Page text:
In late December, I warned that third-party risks would be an issue that we had to watch in 2015, and quoted a statement from Steve Durbin, managing director of the Information Security Forum, about this topic.
A newly released study from Forrester and BitSight Technologies found that companies are taking third-party contractors and vendors and their potential security risks very seriously. The study, “Continuous Third-Party Security Monitoring Powers Business Objectives and Vendor Accountability,” found that IT and security decision makers are putting a lot more emphasis into learning about contractors, consultants, vendors, and efforts into tracking risk, critical data loss or exposure and the threat of cyber attacks.
It’s easy to understand why third-party security concerns have increased: In so many of the high-profile breaches we’ve seen over the past 18 months, a third-party security breakdown has been, at least partially, to blame. As Stephen Boyer, CTO and co-founder of BitSight Technologies, said in a statement about the study:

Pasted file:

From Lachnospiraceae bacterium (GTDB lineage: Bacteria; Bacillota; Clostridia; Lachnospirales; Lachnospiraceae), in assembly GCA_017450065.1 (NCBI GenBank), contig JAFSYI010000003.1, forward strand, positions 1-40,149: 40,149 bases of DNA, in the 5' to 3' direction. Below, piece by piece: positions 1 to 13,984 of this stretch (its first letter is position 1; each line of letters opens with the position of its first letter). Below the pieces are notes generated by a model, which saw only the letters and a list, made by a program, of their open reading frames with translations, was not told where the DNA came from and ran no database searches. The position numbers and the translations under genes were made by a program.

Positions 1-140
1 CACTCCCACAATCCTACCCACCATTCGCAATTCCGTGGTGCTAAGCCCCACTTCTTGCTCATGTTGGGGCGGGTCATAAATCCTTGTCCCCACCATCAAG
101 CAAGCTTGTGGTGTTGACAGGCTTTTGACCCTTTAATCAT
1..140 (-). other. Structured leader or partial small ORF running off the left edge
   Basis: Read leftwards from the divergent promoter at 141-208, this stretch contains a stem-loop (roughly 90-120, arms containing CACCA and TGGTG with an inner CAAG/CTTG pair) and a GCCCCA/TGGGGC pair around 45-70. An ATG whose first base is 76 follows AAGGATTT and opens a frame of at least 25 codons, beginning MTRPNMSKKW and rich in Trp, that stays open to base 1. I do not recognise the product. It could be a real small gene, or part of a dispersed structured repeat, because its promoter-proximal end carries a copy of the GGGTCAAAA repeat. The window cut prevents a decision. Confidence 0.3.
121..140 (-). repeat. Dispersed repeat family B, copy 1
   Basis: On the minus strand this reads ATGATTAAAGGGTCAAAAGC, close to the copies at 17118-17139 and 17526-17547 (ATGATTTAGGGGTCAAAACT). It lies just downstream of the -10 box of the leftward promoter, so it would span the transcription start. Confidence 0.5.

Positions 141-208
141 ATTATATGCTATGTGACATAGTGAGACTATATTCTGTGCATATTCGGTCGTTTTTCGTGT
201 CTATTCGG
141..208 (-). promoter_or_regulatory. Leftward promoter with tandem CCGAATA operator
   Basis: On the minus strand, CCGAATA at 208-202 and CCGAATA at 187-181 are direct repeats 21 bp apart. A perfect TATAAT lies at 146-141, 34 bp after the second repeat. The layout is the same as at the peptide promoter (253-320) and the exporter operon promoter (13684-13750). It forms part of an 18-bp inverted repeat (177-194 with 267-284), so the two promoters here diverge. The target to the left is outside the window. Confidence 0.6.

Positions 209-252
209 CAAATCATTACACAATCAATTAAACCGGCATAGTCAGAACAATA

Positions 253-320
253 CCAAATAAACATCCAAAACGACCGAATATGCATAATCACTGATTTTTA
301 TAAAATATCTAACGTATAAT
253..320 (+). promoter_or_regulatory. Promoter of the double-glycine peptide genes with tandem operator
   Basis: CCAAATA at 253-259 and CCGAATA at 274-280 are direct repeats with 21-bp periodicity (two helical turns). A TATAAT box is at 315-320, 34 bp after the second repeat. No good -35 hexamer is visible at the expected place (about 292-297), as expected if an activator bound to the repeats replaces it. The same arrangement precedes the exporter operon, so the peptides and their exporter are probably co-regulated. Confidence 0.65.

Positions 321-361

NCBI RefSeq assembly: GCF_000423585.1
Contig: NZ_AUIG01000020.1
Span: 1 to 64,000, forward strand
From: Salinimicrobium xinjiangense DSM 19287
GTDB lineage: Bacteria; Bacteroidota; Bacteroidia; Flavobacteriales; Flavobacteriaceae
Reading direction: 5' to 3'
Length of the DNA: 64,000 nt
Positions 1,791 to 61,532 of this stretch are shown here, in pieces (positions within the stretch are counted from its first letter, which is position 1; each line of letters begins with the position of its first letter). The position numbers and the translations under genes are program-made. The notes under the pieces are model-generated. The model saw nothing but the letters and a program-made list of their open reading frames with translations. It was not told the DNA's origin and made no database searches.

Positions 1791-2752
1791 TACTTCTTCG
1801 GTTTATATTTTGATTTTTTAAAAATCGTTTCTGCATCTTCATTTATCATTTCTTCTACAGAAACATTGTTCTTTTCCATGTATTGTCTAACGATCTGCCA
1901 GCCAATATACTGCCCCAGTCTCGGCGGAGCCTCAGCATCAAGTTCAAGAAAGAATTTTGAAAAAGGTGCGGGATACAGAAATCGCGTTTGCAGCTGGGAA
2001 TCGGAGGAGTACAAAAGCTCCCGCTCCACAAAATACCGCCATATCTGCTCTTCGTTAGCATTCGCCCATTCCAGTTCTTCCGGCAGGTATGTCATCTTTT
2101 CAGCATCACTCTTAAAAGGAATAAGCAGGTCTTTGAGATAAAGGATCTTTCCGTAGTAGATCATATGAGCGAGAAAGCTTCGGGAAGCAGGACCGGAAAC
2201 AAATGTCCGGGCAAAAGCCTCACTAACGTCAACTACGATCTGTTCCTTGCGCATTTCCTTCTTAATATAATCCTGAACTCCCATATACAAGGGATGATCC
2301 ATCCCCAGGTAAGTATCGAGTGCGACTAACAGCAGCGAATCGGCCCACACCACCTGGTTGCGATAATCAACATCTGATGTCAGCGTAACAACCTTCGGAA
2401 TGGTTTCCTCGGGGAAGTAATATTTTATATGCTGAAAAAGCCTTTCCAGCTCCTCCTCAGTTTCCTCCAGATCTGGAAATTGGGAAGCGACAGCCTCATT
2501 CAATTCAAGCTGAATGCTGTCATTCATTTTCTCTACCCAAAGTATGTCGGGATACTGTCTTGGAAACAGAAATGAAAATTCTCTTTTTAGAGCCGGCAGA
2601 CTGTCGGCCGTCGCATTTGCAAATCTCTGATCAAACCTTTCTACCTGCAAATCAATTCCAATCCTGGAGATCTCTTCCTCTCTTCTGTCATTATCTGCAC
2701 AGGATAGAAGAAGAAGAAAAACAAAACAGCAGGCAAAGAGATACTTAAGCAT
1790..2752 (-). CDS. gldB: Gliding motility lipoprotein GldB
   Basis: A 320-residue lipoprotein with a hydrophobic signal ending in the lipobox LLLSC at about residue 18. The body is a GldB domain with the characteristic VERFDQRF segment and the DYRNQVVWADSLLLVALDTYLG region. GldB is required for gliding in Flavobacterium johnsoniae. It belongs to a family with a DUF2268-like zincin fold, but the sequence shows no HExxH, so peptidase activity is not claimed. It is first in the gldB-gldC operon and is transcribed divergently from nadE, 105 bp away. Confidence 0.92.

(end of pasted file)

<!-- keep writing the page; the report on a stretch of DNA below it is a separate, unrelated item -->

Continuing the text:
The supply chain has become a cyber security minefield for companies, as we’ve seen with breaches caused by third-party vendors at Target, Neiman Marcus, Goodwill, Home Depot and many more. Continuous, data-driven monitoring of third-party security vulnerabilities and threats has become essential for effective vendor risk management.
And that thinking is what makes another result of the study so baffling and contradictory. While two-thirds of the respondents say third-party security is a top concern, only a little more than a third of them said that they regularly monitor the third party’s security efforts.
Should it be the role of a security professional to keep track of someone else’s security practices? Yes, if it means that their practices, or lack thereof, could put your network and data at risk. After all, as the leadership from Target can tell you from painful experience, if that third party’s security failure results in a breach of your company’s data, it is your company that is going to pay the price.
Security isn’t an area where companies should work in a cocoon or try to keep everything a trade secret. Security has to be a cooperative effort. A third-party contractor should be willing to keep their clients abreast of their security efforts, but you should also be making the effort in return.
Sue Marquette Poremba has been writing about network security since 2008. In addition to her coverage of security issues for IT Business Edge, her security articles have been published at various sites such as Forbes, Midsize Insider and Tom’s Guide. You can reach Sue via Twitter: @sueporemba